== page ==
Friday, January 05, 2007

RECIPE ~ Red Pepper Pasta Ditali


Simple ingredients make a colourful and hearty meal. Ditali noodles are short hollow tubes, but as pictured here I used tricolor brown rice spirals, with garlic toasts on the side.

3 red peppers, washed and chopped
1 head of garlic
1 cup chickpeas, canned or cooked
3 Tbsp each: tahini, olive oil and lemon juice
1 tsp salt
1 package ditali pasta (or your choice of pasta)


Take the head of garlic and chop the top off. Brush with olive oil and wrap in aluminum foil. Toss red pepper with olive oil, and place in the oven along with the garlic. Roast at 450F for 30 minutes.

Meanwhile, prepare a side dish of your choice, such as garlic toasts, bruschetta, or a big green salad. Also, bring a large pot of salted water to boil. Add pasta and cook until al dente. Drain.

When red peppers are roasted, place in a blender along with chickpeas, tahini, olive oil, lemon juice and salt. Scoop out the soft flesh of the garlic head and add to the blender. Puree until smooth (add some water to get it blending -- pasta cooking water works best). For a chunkier sauce, reserve some of the roasted red pepper and chick peas, and stir back into the sauce after blended.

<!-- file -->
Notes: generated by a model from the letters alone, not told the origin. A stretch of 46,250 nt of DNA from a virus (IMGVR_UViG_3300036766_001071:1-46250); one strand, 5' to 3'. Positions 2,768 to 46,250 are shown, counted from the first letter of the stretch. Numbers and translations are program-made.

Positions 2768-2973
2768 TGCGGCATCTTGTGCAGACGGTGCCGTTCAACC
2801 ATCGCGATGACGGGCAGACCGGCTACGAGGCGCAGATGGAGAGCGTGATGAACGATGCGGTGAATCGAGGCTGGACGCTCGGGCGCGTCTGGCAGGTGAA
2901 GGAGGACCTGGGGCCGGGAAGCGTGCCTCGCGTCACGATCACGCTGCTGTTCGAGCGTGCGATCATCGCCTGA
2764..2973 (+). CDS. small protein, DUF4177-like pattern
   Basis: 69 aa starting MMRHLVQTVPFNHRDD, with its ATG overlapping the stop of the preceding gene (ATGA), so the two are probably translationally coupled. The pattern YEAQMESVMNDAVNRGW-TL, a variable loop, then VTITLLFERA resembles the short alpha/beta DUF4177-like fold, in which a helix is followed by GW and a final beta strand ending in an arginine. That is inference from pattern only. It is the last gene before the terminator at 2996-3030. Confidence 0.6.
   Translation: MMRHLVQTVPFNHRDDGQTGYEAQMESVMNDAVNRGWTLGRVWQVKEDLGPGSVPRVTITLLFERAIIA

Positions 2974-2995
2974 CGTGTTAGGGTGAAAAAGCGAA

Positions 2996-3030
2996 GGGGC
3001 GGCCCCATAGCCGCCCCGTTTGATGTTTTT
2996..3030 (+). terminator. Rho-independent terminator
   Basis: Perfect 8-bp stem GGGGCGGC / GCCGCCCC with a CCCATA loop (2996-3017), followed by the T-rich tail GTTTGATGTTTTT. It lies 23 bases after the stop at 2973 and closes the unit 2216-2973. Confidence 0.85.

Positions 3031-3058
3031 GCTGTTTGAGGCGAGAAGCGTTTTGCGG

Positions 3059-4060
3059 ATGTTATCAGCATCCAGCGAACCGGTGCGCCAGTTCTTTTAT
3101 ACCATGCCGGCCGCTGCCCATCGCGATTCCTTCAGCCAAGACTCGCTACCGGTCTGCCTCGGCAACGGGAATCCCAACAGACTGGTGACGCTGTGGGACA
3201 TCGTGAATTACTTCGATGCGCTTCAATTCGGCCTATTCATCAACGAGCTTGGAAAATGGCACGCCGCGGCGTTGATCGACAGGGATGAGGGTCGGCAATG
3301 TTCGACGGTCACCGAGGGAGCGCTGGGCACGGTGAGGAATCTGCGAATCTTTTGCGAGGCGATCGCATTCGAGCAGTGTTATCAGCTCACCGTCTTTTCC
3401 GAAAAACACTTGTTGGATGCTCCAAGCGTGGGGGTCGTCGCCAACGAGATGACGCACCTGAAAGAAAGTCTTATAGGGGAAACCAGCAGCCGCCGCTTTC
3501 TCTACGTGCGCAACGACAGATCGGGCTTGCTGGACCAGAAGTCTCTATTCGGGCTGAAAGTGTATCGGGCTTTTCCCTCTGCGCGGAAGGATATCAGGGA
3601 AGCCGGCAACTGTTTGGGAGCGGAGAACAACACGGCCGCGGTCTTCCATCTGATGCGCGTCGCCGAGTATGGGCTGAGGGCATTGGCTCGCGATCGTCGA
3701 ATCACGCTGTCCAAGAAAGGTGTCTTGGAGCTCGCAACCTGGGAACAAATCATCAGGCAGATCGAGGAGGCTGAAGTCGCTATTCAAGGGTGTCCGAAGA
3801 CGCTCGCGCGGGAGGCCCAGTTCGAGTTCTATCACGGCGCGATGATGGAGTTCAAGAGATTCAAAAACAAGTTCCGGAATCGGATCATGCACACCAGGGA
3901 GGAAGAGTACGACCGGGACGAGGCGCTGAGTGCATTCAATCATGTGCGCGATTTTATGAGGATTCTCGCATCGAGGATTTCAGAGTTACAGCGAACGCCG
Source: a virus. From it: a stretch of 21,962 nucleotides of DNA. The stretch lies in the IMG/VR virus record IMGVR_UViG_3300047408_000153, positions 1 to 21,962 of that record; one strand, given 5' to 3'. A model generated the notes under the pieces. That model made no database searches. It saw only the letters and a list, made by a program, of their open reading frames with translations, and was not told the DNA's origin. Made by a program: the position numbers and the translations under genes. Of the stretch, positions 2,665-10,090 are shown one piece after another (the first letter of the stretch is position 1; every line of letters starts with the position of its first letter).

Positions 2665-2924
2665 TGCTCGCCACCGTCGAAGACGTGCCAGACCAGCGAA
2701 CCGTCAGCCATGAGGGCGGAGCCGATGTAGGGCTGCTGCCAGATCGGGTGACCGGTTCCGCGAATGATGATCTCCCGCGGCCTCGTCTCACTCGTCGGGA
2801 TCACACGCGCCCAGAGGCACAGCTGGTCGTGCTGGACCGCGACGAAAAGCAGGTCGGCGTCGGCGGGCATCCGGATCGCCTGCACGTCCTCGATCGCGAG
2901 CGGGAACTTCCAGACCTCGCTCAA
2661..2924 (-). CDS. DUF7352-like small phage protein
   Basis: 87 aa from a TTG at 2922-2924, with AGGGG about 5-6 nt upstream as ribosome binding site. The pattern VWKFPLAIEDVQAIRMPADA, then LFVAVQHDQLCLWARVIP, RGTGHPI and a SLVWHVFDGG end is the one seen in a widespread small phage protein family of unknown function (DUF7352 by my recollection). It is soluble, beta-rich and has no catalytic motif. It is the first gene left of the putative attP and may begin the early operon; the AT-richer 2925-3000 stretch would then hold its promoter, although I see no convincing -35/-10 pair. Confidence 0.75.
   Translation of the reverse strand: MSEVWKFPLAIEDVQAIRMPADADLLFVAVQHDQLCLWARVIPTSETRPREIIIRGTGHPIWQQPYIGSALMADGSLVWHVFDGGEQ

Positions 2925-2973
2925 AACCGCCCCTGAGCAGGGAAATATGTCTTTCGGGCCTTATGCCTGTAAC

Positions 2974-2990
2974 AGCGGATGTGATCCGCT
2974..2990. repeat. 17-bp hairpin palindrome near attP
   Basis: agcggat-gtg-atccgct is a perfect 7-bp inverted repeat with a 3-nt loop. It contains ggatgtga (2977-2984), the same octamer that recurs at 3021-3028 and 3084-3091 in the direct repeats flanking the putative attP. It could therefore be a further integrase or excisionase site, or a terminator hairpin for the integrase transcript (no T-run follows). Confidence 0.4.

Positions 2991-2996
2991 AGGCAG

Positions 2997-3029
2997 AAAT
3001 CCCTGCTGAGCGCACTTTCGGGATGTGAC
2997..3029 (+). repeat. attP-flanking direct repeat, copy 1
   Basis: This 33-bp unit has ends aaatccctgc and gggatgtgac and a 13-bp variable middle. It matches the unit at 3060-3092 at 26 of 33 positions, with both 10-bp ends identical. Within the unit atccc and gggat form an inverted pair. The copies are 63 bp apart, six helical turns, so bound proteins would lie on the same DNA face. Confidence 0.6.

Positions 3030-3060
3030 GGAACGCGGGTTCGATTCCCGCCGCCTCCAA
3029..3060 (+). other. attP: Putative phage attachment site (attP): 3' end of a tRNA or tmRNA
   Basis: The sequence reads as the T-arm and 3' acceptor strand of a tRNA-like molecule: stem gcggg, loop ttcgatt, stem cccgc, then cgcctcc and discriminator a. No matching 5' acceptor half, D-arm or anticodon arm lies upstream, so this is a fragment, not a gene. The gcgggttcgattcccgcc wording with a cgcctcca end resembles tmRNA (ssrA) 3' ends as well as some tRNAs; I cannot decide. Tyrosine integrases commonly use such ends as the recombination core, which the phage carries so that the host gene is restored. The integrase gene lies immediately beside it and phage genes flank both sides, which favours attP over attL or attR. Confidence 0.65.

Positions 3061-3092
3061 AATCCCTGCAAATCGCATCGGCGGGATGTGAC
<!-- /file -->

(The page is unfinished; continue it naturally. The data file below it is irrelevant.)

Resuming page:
Ladle noodles onto serving dishes and spoon sauce on top. Garnish with something nice, like chopped fresh basil, chili flakes, or slivered almonds. Serves 4.

FOR INDIVIDUAL DOSHAS
VATAS you're best to avoid peppers and chickpeas so this dish is not very Vata-friendly... but why not try this using oven-roasted pumpkin and beets instead!
PITTAS this is a very Pitta-friendly dish, but do leave out the garlic
KAPHAS this is a very Kapha-friendly dish, just reduce oil and tahini to 1 Tbsp each, substituting with more pasta cooking liquid when blending

2 comments:

VS said...

after roasting the head of garlic, do you use the whole thing? isn't that a LOT of garlic??

thank you.

Claudia Davila (Fran) said...

The deliciously wonderful thing about roasting garlic, particularly inside the whole head, is that it completely loses it pungent, sharp garlicky-ness, and turns into a creamy, sweet, earthy flavour. You can use the whole head and it'll be less "garlicky" than even just a single raw clove! :-)